Art helps us remember things by preserving experiences and helping us remember things we might forget. Like the way a rainbow looks when it is so bright that its mirrored image is nearly as bright as the original. Or the way the moon looks when it is such a nice morning that it decides to hang around just to glory in it. Faced with these soul-filling images, we are for a time relieved of our preoccupations and can just enjoy the beauty. Art does that for us, capturing moments, beauty and forcing us to focus, for a brief period of time, on life’s most meaningful aspects.

Historically, in art, Constable did that with his clouds. Or Monet with his beautiful field.

Art can also offer us the feeling that others have felt the same pain that we have.

Mark Rothko, whose work, Untitled, appears in the Tate Gallery, explains his paint on canvas as being the outpouring of his own sadness meeting with that of the person looking at the work. Our experience as humans is a collective one. We just don’t always acknowledge that.

Art is so often classified in terms of their chronological and historical relevance. This is easiest for curators. But Alain believes that conventional museum displays avoid the potential available for art to heal.

Art can connect us to each other and to ourselves. Art  is a tool that can help us by inspiring, consoling, redeeming, comforting, expanding and reawakening.

What Alain and John are suggesting is a different approach to consuming/appreciating the art in the galleries. Rather than chronological ‘schools of art’, should we not perhaps inhale the works as mirrors which reflect our love, our pain, our questions on life? These two men have been offered the chance to create a path of discovery for us through these three museums. A meandering path. If you live in Melbourne, you can follow this yellow brick road from this Friday, 28 March until 28 September. There is even a free app to assist you on the road.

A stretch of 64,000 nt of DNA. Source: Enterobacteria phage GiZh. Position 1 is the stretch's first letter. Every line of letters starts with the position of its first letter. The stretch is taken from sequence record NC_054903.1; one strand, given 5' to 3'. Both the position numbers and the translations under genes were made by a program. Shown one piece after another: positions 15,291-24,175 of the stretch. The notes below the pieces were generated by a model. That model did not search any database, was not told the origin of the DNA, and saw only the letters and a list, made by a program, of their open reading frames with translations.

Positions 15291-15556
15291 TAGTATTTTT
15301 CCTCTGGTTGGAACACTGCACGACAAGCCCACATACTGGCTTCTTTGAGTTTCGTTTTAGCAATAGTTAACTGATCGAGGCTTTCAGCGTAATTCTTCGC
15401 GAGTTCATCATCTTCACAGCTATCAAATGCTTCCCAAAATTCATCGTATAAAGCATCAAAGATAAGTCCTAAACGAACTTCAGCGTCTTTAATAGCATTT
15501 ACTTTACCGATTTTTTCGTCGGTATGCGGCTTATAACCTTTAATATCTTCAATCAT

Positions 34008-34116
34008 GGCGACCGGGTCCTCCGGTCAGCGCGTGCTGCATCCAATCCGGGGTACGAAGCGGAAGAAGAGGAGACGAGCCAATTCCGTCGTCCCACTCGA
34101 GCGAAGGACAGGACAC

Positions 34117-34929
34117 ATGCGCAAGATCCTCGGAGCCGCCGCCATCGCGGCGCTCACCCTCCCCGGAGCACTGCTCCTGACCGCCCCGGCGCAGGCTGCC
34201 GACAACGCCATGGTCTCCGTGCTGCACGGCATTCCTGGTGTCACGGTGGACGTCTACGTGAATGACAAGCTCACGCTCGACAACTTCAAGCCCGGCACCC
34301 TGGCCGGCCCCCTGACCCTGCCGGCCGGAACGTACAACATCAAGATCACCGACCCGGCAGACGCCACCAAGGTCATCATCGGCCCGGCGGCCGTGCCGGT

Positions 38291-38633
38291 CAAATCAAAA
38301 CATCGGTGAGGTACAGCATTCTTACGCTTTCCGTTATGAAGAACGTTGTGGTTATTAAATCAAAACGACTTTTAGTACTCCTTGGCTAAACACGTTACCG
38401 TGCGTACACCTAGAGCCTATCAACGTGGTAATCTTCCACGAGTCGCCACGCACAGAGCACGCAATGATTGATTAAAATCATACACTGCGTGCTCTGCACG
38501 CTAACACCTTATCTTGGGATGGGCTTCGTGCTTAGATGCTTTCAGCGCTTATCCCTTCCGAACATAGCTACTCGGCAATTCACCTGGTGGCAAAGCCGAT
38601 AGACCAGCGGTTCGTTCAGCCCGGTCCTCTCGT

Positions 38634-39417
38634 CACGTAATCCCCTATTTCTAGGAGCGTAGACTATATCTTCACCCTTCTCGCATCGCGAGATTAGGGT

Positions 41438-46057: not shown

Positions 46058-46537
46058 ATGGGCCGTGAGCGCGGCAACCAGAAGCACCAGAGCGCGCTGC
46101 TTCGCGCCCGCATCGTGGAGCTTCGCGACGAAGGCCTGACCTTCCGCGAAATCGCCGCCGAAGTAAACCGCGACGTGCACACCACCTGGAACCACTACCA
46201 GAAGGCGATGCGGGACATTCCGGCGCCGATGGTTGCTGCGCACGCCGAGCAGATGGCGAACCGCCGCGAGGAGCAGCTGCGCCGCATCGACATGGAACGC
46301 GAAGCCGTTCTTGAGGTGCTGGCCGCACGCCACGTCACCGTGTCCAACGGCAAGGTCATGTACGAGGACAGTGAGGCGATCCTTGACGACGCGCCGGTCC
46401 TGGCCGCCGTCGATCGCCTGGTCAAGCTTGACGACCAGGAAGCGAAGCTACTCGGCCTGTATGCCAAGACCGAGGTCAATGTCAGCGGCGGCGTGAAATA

Who am I kidding? I have nothing in common with Alain de Botton. I would never have come up with that.

But I wish I had.


Passata Day


 
Tomatoes. The taste of summer and an essential ingredient in Italian cooking. Traditionally in Italian culture, communities get together as Summer draws to a close and tomatoes are ripe and abundant and make passata, summer in a bottle, to see them through the Winter months.

Not having any kind of cultural attachment to communities who have these traditions, I wannabe-ed myself amongst it with a bunch of strangers. Well, almost strangers. Rohan and Kate were my ‘in’ after the self-sufficiency workshop last August. http://lyttelfishbigpond.blogspot.com.au/2013/08/low-and-slow.html City girl once again grabbing sound-bytes of authentic experience.

It was a big day. There were a lot of tomatoes. The tomatoes are softened in big pots of hot water then passed through a tomato press, twice. Then bottled, capped and put into big drums of hot water over a fire for the final heating and sterilising. I spent most of my time on the tomato press. I have a blister and a tired arm. And I also have 12 Asahi bottles of passata.

Passata Day isn’t just about making tomato sauce. It’s about bringing people together, sharing and talking and working and laughing. And it’s about the moment, maybe months later when you open a bottle of passata, and you get to taste Summer again.


Beware the ides of March

I start getting nervous around this time of year, that crazy Ides of March time of year. But what ARE the Ides of March and why should we be wary of them?

It turns out we don’t need to be wary at all. Shakespeare has far-reaching influence it seems. He penned the phrase and used it in his tragedy, Julius Caesar. And it has become happily ensconced in our collective cultural psyche. Maybe just because it sounds good. And properly delivered, sounds pretty ominous. If only people 400 years from now would bandy around phrases that I have written and others would sagely nod in recognition at the now universally acknowledged reference. 

But back to the Ides. Now, there’s a phrase you really don’t get to pull out that often.